after the Santa Monica, Calif., company that was supposed to buy it got cold feet.
Firstfed Financial Inc., a $3.6 billion-asset thrift company also based in Santa Monica, withdrew its merger offer Tuesday. Professional's stock fell more than 25% that day, to $14.50, as nearly four times the average volume of shares changed hands. The price was $15.875 at midday Wednesday.
Professional, which specializes in lending to doctors, dentists, and medical billing companies, has been under pressure from its major shareholders to sell for about a year.
Executives at Firstfed and Professional declined to say why discussions were called off, citing a confidentiality agreement. Firstfed's chief operating officer, Jim Giraldin, said there were "certain things that we wanted to get accomplished in the definitive agreement that we couldn't."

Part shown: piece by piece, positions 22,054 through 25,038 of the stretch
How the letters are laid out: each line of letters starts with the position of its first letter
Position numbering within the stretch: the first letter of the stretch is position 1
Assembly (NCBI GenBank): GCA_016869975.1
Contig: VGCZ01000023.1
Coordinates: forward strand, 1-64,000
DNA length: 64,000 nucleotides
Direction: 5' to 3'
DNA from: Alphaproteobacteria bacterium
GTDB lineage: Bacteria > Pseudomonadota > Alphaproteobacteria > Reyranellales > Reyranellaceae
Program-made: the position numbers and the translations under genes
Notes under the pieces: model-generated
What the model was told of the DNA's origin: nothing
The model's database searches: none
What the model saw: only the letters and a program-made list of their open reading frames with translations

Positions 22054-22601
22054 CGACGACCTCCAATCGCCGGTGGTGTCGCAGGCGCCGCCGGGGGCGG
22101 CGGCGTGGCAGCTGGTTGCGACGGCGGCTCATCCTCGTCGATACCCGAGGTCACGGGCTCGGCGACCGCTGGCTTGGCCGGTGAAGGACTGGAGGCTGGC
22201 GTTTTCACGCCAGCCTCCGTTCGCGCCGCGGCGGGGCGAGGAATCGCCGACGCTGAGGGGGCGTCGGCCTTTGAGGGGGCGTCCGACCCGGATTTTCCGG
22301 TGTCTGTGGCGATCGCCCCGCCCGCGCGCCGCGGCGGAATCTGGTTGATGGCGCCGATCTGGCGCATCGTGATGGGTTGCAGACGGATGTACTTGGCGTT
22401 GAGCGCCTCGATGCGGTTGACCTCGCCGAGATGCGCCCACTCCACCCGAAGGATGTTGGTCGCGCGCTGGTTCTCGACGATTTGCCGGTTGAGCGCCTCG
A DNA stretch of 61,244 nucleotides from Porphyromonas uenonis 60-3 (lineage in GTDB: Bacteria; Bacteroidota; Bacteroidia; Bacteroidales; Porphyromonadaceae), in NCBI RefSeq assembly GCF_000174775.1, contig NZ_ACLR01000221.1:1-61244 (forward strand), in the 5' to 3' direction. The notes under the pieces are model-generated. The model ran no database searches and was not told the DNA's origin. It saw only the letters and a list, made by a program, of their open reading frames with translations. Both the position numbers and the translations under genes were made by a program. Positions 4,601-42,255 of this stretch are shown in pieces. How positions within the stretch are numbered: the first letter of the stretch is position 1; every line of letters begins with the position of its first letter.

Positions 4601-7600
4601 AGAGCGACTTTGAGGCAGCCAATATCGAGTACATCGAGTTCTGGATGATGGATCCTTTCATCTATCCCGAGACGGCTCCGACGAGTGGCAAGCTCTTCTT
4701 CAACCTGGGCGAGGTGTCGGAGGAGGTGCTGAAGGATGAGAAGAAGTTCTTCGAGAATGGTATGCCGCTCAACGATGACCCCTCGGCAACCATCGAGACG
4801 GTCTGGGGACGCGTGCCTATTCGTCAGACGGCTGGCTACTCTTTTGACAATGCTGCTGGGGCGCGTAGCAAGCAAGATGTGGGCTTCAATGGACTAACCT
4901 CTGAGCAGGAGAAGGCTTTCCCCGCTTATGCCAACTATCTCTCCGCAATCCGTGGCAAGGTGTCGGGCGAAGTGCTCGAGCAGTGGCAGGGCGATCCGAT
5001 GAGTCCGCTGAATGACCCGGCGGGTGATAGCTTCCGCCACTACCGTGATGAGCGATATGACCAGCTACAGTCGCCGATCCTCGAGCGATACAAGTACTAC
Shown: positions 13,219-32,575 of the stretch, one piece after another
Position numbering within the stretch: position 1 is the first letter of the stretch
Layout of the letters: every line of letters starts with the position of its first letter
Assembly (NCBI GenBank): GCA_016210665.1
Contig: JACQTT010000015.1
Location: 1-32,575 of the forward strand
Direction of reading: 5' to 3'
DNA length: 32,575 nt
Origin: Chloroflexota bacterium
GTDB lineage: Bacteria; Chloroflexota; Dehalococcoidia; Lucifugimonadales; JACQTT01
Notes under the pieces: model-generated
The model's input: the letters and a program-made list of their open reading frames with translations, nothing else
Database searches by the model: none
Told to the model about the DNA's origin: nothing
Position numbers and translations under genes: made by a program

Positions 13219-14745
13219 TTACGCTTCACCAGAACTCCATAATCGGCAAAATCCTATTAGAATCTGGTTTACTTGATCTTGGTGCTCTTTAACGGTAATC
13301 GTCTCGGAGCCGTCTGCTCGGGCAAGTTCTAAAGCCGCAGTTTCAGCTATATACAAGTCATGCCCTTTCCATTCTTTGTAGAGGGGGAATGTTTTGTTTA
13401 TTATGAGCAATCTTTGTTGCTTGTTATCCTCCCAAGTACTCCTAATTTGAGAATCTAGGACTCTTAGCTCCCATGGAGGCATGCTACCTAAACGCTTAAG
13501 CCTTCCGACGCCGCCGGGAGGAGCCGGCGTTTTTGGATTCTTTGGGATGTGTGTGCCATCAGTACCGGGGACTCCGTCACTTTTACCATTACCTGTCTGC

Analysts said that price and business practices were among the issues that scuttled the planned $50 million sale.
Firstfed had offered to pay Professional shareholders $23.50 per share in cash, according to a June 28 announcement. But Firstfed "couldn't justify the price after performing due diligence," said Charlotte Chamberlain, an analyst at Jeffries & Co. in Los Angeles who had been an early critic of the deal. Ms. Chamberlain has raised concerns about Professional's historically low return on equity and its deteriorating credit quality.
Hank Dahlgren of Torrey Pines Securities Inc. in Incline Village, Nev., said he "wasn't surprised the deal fell apart." Professional "hasn't exploited its niche," said Mr. Dahlgren, who has bought and sold shares of the company over the years.
Professional's president and chief executive officer, Melinda McIntyre-Kolpin, said she was "disappointed" that the negotiations fell through.
"We believed the deal would have been a great combination," Ms. McIntyre-Kolpin said. The board will pursue merging with another company, she said.
Firstfed had hoped the acquisition would step up its transformation into a more bank-like company.
Mr. Giraldin said that Firstfed, which formed a commercial business lending unit in 1996, would continue to seek small-bank deals.
Firstfed's stock rose 75 cents this week, to close at$16.9375 Wednesday.